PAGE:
Pure-white Siberian huskies are less common than other coat varieties, but they should not be difficult to find from a reputable kennel. Most huskies have at least some white markings, particularly on the feet, the tail tip and the face. The Siberian husky's coat is extremely thick and contains two layers. The top layer is composed of straight guard hairs while the undercoat is much denser.
Male Siberian huskies can reach almost 24 inches in height at the shoulder and weigh up to 60 pounds. Although this breed can be classified as large, the Alaskan malamute is the largest of all Arctic dog breeds. The triangular ears, narrow, long snout and bushy tail of the Siberian husky make it a dog breed comparable in appearance to the wolf.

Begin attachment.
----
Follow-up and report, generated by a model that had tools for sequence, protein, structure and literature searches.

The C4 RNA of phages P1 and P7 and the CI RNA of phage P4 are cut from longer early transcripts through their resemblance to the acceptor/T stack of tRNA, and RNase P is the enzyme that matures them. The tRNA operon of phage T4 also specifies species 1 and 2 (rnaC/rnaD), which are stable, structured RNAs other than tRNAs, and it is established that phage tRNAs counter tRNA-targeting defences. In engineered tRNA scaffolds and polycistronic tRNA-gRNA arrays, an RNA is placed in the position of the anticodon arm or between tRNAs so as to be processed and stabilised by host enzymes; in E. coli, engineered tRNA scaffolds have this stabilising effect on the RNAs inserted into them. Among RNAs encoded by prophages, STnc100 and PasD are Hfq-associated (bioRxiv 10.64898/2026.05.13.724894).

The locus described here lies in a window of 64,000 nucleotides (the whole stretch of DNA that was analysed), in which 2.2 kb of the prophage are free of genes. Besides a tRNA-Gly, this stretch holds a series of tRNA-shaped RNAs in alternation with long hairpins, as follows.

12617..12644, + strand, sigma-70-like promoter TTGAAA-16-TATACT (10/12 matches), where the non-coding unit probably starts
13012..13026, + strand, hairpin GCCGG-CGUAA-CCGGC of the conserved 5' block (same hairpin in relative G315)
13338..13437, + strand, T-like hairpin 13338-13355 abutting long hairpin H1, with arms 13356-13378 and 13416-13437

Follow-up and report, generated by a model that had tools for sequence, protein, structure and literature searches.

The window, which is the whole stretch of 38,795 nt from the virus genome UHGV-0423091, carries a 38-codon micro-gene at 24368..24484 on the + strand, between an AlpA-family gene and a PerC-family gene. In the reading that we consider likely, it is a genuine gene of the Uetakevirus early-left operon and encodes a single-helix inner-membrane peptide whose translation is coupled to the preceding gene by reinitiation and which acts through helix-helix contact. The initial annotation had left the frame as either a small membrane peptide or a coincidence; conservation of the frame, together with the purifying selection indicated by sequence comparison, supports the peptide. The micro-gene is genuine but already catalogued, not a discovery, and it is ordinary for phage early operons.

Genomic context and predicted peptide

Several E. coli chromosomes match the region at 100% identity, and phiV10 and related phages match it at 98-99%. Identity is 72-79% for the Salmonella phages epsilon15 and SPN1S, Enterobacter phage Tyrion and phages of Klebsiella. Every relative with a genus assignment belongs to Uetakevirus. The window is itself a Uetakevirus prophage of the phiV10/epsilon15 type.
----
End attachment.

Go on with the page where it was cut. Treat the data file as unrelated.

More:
Like other northern dog breeds, the Siberian husky has a strong prey instinct and can be a threat to household pets and strays if it was not properly socialized in its early months. A Siberian husky's eyes are often blue but can be shades of brown, green or even have heterochromia.
Siberian huskies are generally playful and loving. They do not make good watch dogs due to their affinity for people. Although its disposition makes it a friendly companion, the Siberian husky's Arctic heritage can make it difficult if its master is not assertive or respected enough.